It’s no surprise that most of us seek out cool dishes in the hottest part of the summer — which often arrives at the end of August — because who wants to eat a steaming bowl of ramen or thick greasy burger when it’s 100°F? These dishes don’t have to be bland, either, so one can excite the taste buds while also chilling the mouth and digestive system. Here are ten dishes I’ve stumbled on lately that made me feel like I was a polar bear sitting on an ice floe.
Eggplant salad at Steam
Steam is a brand new Chinese restaurant in Greenwich Village that nominally focuses on dishes from Shanghai, with a few other regions thrown in for good measure. Dumplings and other steamed dishes are an important component, though the cold buffet dishes are also prominent. One of the most satisfying is an eggplant salad ($7.50). Served cold, it consists of matchsticks of the purple vegetable log-piled and then drizzled with a sweet dark sauce, with a salty cilantro-scallion relish on top. It is utterly refreshing on a hot day.
Gazpacho at Mercado Little Spain
Late summer is the perfect time to thrill to gazpacho — the tomatoes are at their ripest, the red-wine vinegar tingles on the tongue, and the soup slides coolingly down your throat, perhaps alternating with bites of bread or a crisp salad. The soup is all over Mercado Little Spain in Hudson Yards, in the Spanish Diner (where it’s $12), and at the tapas bars and snack counters, including variations in pleasing hues, sometimes served as it has been historically — in a glass.
Sesame Noodles at Hwa Yuan
Sesame noodles are one of the summer’s most cooling treats, wheat noodles cooked al dente then sluiced with a sauce that combines sesame paste and peanut butter, and sprinkled with scallions. It’s a Chinese-American dish supposedly invented by Shorty Tang. Why not experience it for $12 at the restaurant started by his descendants, Hwa Yuan?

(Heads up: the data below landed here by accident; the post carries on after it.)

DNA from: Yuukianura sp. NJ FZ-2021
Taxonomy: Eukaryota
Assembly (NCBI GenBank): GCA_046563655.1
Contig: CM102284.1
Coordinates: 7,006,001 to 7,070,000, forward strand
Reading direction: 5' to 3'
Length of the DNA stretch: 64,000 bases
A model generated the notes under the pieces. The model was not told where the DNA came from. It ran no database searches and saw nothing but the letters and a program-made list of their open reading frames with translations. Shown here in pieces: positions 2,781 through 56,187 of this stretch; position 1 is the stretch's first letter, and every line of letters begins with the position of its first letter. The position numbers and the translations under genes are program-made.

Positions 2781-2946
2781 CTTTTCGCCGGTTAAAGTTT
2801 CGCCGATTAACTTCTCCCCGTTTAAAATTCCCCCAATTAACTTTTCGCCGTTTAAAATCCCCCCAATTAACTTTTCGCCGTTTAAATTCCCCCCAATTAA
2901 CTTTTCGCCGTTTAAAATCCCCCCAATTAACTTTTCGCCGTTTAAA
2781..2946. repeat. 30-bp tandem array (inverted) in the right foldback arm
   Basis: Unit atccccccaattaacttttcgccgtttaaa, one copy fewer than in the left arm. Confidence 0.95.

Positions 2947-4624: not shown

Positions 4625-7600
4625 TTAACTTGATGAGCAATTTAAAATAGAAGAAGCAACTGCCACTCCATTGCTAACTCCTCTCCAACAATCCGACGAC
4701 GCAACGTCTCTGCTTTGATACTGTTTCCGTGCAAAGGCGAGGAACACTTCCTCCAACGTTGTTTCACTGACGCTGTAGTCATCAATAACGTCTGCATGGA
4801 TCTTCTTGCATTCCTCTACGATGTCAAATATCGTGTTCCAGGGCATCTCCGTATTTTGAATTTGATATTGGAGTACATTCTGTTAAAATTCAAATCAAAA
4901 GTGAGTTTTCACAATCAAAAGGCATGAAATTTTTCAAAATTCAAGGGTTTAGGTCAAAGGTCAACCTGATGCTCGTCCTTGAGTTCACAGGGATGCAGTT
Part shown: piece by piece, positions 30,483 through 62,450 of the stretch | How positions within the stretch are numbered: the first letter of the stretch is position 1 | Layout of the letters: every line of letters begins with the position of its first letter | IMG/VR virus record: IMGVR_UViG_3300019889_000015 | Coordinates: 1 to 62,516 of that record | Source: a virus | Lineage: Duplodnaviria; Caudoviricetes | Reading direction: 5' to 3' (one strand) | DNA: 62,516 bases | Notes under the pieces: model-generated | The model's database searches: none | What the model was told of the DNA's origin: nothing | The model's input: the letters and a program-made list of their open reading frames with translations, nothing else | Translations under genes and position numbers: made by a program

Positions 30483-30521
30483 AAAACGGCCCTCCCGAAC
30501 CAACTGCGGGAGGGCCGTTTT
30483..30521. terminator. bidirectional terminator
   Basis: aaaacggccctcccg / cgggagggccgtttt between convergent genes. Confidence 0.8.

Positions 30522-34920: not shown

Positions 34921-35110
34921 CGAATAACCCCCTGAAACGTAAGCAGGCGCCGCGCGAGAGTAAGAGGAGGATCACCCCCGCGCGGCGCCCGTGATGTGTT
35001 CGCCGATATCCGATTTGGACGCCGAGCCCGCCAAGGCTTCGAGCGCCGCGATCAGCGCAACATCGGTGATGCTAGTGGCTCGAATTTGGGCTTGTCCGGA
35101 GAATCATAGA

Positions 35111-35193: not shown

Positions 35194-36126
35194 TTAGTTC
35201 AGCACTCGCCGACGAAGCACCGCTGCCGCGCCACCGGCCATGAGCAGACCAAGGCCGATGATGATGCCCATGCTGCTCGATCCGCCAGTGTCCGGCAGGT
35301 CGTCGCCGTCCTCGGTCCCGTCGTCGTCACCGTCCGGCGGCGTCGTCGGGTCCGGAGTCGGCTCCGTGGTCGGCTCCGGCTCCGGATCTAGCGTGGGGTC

Mezze Filistini at Al Badawi
Palestinian and Yemeni spot Al Badawi has one of Brooklyn’s most notable platters of vegetable-based dips and salads ($27) in mezze filistini, with a selection that includes richly flavored baba ghanoush, hummus laked with olive oil and chickpeas, tabbouleh, red-pepper muhammara, and the thickened yogurt called labneh.
Steak tartare at T. Brasserie
What could be colder on the tongue than lean, freshly ground steak? Or more of a contrast to the hot heaviness of a hamburger? At newcomer T. Brasserie in Tin Building at the Seaport, steak tartare ($22) is a puck-shaped mass topped with a quail egg yolk — providing enhanced lubrication — and microgreens, which add a mild crunch. Don’t fail to mix them in!
Boiled chicken in chile sauce at So Do Fun
Just because a dish is served cold doesn’t mean is can’t be spicy as hell — and that’s the case with this Sichuan chicken salad ($9.95) at So Do Fun, a restaurant serving Sichuan food from a Cantonese perspective. Get a bowl of white rice to go along with it, and you’ll have a full meal. Underneath the tasty, sesame-dotted poultry lurks plenty of chile oil and chile paste in an incendiary quantity.
Bibim mak kook soo at Han Bat
Koreatown old-timer Han Bat offers a series of cold noodle dishes perfect for summer dining, especially so when eaten outside in the dining shed. For bibim mak kook soo ($13.95), buckwheat noodles are bathed with strips of beef and shredded vegetables in a vinegar-laced gochujang — the perfect combo of sour, sweet, spicy, and cold.
Watermelon salad at Antique Bar & Bakery
The popularization and wide distribution of seedless watermelon was a necessary precondition of today’s ubiquitous watermelon salad, served chilled and adding sour and salty notes to summer’s favorite fruit. At Antique Bar & Bakery in Hoboken, this colorful watermelon salad ($10) also includes briny cubes of feta cheese, yellow heirloom tomatoes, and purple onions, making for the tastiest and most refreshing salad imaginable.
Cold udon at Omen Azen
A Japanese restaurant is a good place to look for a satisfying bowl of cold noodles — in fact, many ramen parlors offer seasonal cold ramen ($24). But in an entirely different vein is the mix-it-yourself cold udon at Soho-veteran townhouse, Omen Azen. The homemade noodles are served separately with an opaque sesame-dashi broth on the side, along with all sorts of delightful add-ins.
Heirloom tomato salad at Corner Bar
There’s no better time of the year than late August and early September to enjoy sweet and wildly colorful heirloom tomatoes, in eye-socking shades of yellow, red, purple, orange, and green. At Corner Bar, a new tavern on the Lower East Side, the freshest specimens are provided, along with tangy goat cheese in clumps on top, basil for punch, and, perhaps best of all, pine nuts that have been toasted for a mellow crunch ($22).